Russian President Vladimir Putin, while receiving the Belarusian leader, said that Russia will deliver missiles capable of carrying nuclear warheads to Belarus in the coming months. Alexander Lukashenko.
“In the coming months, we will move to Belarus “Iskander-M tactical missile systems that can use ballistic missiles or cruise missiles in their conventional and nuclear versions,” Putin said in a Russian television broadcast at the start of his meeting with Lukashenko in St. Petersburg on Saturday.
Putin has referred to nuclear weapons several times since his country launched a military operation in Ukraine on February 24, in what the West viewed as Warning not to interfere. Lukashenko said last month that his country had bought from Russia nuclear-capable Iskander missiles and S-400 anti-aircraft missile systems.
The development came on the eve of a meeting of G7 leaders in Germany On Sunday, he will be hosted by Chancellor Olaf Schultz in the Bavarian Alps, which is set to be dominated by Ukraine and its far-reaching consequences, from energy shortages to food crisis.
It is expected that the G7 leaders will seek to show a united front in support Ukraine This has always been necessary and ramps up pressure on the Kremlin – though they will want to avoid sanctions that could drive up inflation and exacerbate the global cost of living crisis.
An EU official said: “The main message from the G7 will be unity and coordination of action… This is the main message, that even in difficult times… we hold on to our alliance.”
G7 partners are set to agree to ban gold imports from RussiaA source familiar with the matter told Reuters. A German government source later said the leaders were in “really constructive” talks about setting a potential price cap for Russian oil imports.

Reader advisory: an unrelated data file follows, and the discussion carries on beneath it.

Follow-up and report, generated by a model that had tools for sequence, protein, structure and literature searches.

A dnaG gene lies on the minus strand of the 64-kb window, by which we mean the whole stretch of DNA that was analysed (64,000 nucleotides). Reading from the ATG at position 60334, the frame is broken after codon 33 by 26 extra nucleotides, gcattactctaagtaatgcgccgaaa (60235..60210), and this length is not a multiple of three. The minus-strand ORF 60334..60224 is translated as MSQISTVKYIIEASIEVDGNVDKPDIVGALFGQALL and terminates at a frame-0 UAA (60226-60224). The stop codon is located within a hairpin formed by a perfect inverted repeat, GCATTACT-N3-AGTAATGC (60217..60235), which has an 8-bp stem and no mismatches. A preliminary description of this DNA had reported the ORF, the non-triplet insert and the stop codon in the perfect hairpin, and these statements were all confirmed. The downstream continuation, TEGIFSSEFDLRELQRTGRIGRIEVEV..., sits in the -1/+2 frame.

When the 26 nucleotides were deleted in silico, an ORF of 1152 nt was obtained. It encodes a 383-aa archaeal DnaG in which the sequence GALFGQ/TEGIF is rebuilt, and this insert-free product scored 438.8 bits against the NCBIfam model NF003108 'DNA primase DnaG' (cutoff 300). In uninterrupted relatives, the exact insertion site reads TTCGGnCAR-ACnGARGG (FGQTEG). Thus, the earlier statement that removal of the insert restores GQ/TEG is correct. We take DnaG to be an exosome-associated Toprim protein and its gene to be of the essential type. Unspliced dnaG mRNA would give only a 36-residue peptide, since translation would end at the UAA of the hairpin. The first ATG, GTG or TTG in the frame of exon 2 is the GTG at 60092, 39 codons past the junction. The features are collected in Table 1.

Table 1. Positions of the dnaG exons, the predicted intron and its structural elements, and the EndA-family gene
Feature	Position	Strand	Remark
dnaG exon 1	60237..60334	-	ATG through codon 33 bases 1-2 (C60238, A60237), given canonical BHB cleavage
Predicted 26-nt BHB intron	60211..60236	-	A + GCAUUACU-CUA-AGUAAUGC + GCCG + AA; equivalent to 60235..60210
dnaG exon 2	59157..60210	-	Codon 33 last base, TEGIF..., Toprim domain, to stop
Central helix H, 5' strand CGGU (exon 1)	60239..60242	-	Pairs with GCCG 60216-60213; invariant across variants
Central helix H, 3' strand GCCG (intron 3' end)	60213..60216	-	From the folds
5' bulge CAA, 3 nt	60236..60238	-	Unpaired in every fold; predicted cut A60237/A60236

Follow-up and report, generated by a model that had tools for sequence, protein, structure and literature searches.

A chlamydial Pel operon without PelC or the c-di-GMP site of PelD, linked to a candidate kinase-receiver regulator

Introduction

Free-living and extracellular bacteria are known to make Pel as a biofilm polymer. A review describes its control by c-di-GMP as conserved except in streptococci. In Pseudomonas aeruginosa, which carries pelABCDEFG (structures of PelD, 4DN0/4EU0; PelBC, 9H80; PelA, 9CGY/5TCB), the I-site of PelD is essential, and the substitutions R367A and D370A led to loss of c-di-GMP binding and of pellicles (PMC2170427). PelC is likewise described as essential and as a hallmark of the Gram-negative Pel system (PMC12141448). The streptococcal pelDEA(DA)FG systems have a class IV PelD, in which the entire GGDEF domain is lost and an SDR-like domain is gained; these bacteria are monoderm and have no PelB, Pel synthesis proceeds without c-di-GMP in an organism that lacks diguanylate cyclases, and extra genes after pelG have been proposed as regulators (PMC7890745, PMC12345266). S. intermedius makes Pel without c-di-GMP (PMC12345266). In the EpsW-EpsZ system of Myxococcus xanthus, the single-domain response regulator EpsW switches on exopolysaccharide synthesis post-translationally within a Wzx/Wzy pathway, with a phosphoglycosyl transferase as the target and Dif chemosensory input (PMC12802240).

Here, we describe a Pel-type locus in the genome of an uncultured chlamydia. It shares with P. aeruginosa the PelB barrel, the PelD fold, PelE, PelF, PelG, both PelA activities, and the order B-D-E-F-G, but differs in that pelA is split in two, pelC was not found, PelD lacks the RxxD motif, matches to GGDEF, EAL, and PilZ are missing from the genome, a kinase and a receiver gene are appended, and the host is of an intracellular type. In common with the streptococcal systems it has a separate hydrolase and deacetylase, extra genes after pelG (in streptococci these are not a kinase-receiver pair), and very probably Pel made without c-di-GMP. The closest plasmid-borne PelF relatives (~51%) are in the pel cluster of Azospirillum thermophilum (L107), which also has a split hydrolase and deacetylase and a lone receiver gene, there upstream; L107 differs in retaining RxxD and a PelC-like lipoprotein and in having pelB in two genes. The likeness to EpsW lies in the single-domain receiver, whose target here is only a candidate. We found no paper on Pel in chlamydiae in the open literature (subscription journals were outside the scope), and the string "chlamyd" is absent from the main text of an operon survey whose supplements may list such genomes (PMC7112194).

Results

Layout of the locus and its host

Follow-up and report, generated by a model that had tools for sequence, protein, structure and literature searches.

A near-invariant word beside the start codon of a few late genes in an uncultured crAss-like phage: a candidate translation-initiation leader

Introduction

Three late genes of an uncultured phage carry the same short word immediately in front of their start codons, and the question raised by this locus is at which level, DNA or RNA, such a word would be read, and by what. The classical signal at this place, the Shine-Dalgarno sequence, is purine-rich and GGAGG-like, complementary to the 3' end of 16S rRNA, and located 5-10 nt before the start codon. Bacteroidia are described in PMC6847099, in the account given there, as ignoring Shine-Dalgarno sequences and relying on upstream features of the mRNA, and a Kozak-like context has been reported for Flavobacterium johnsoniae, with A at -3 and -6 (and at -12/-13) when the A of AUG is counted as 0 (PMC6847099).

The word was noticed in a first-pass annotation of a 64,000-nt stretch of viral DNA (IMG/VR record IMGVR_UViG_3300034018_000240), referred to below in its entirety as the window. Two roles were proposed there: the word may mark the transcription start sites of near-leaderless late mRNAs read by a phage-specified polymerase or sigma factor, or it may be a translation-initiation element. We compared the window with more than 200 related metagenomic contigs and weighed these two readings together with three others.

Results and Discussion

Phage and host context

This year, Schulz invited, as partner countries, Senegal, the current chair of the African Union, Argentina, which chairs the Group of Latin American and Caribbean nations, Indonesia and India, current and next hosts of the Group of 20 major industrialized nations, and South Africa.
“The summit should not only send the message that NATO and the G7 are more united than ever, but also that the democracies of the world stand together against Putin’s imperialism just as they do in the fight against hunger and poverty,” Schultz said. Parliament this week.
Putin also offered to upgrade Belarus’ warplanes to make them capable of carrying nuclear weapons, amid rising tensions with the West over Ukraine.
“Many Su-25 [aircraft] In service with the Belarusian army. “They can be promoted in an appropriate way,” the Russian leader said. “This modernization should be carried out at aircraft factories in Russia and personnel training should begin accordingly,” he added, after Lukashenko asked him to “adapt” the planes.
“We will agree on how to achieve this,” Putin said.
During the meeting, Lukashenko expressed concern about the “aggressive”, “confrontational” and “hateful” policies of its neighbors Lithuania and Poland, and asked Putin to help Belarus in a “symmetric response” to what he said were nuclear-armed NATO flights near the Belarus border. Putin said he did not see the need at the moment for a symmetrical response.
The Iskander-M, a mobile guided missile system NATO dubbed the “SS-26 Stone”, replaced the Soviet Scud missile. Its dual-guided missiles have a range of 500 kilometers (300 miles) and can carry conventional or nuclear warheads.
Last week, Lithuania in particular infuriated Russia by blocking the transit of goods subject to European sanctions through its territory from Russia, through Belarus, to Russia’s Baltic region of Kaliningrad.
Russia called it a “blockade,” but Lithuania says it affects only 1% of normal cargo passing on the road, and that passenger traffic has not been affected.
With Agence France-Presse and Reuters
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